I knew from about 7 years old that I would play Test Cricket for Australia.
As a little boy, from the moment I first laid eyes on the impossibly lush and smooth SCG outfield, I thought “that’s where I want to be”. And believe me, I did everything in my power to make it happen. If hours spent sweating it out in the nets, getting hit, honing my cover drives and cut shots counted for anything, I might have even broken through.
But the harsh truth I (eventually) learned was whatever miracle of hand-eye magic and preternatural cat-like reflexes are required to deal with 130km swinging thunderbolts was simply not within my capability.
Which is why I think it would be good to train Olympic athletes (and commencement speech givers) to refrain from saying “You can achieve anything you want if you just try hard”.
It isn’t true.
It wouldn’t matter how dedicated I was or how many hours I put in, the genetic lottery simply didn’t gift me with the fast twitch muscles required to threaten any reasonable sprinter or send me flying over a 2-metre high jump.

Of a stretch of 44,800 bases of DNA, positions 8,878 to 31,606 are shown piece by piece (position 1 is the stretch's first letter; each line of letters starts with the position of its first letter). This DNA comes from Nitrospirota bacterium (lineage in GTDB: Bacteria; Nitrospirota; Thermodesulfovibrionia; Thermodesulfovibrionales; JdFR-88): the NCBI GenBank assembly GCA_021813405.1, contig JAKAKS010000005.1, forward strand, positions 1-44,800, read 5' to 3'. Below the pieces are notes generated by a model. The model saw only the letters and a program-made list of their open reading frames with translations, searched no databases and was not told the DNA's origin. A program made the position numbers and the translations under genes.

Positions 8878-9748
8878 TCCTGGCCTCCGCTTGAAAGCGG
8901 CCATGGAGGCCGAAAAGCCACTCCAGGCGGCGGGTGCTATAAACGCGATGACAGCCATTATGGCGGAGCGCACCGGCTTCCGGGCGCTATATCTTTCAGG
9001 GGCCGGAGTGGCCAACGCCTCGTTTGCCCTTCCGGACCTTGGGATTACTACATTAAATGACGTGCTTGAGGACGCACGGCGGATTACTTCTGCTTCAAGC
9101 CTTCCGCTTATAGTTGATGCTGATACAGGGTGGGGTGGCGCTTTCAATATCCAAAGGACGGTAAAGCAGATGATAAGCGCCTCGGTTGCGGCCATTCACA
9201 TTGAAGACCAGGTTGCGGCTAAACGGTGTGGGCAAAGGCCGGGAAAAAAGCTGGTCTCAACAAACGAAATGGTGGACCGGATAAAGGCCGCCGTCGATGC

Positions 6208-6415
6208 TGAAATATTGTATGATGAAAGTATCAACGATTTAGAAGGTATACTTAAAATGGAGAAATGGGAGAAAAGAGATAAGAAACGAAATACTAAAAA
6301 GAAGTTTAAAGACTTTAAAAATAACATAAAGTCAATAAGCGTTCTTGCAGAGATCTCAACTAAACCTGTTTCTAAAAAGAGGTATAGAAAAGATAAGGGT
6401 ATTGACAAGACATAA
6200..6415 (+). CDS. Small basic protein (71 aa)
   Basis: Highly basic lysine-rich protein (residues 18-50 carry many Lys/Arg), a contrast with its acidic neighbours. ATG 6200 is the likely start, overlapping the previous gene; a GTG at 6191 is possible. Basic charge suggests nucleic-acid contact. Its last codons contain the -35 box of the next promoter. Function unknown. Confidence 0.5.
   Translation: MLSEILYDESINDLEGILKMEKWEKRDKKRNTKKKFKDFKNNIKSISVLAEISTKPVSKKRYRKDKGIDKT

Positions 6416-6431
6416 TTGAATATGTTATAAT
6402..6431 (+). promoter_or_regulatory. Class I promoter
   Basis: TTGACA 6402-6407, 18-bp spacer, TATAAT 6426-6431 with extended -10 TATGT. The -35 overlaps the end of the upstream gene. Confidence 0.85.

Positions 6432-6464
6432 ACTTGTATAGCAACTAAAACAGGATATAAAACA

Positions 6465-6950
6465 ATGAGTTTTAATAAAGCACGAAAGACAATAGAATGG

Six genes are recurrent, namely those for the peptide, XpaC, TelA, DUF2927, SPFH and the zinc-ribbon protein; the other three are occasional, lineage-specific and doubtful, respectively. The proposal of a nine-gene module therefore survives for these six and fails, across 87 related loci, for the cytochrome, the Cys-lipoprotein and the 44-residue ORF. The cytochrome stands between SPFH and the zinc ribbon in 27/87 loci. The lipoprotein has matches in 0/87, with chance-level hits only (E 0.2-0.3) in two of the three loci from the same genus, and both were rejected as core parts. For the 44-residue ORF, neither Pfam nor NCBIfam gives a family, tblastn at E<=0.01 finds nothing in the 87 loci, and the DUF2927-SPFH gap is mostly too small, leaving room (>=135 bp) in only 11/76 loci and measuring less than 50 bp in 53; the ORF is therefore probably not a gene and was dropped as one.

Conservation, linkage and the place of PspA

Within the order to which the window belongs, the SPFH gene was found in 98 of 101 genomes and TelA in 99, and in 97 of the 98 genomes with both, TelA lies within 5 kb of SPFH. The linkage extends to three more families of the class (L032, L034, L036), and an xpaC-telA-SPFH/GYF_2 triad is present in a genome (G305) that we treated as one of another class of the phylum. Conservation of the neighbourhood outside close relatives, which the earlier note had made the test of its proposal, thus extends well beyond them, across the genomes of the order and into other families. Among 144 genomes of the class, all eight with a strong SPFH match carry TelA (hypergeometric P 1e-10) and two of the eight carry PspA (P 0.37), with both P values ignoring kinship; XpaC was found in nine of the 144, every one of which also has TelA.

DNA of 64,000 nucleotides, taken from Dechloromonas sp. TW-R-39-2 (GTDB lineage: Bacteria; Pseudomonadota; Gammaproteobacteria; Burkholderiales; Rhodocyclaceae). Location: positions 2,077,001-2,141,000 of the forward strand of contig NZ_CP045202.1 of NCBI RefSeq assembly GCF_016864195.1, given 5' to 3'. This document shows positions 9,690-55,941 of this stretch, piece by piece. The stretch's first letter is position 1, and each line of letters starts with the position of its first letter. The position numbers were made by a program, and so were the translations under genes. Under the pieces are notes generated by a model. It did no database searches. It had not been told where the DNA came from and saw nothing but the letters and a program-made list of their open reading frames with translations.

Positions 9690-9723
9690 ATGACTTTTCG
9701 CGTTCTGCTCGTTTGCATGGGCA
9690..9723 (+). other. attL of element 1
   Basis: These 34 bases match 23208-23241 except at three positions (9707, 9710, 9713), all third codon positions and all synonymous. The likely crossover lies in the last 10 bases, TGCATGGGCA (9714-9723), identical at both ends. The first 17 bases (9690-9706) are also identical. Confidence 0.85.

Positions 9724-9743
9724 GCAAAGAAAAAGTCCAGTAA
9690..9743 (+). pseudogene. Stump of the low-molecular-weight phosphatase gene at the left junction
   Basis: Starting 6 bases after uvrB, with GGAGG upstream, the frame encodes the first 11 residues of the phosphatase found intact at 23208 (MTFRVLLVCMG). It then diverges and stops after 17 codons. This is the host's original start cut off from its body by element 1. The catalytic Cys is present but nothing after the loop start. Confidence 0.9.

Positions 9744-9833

Of course, I know what they mean. You really can achieve a lot through commitment and hard work and dedication. The Olympians do have something to teach us. Not many things that are worthwhile and satisfying come easy.
Perhaps the key is making the most of whatever we’ve been given; understanding all of life as a gift, and adopting a posture of gratitude to the giver. That might be the recipe, not necessarily for a world record, but for deep and lasting joy.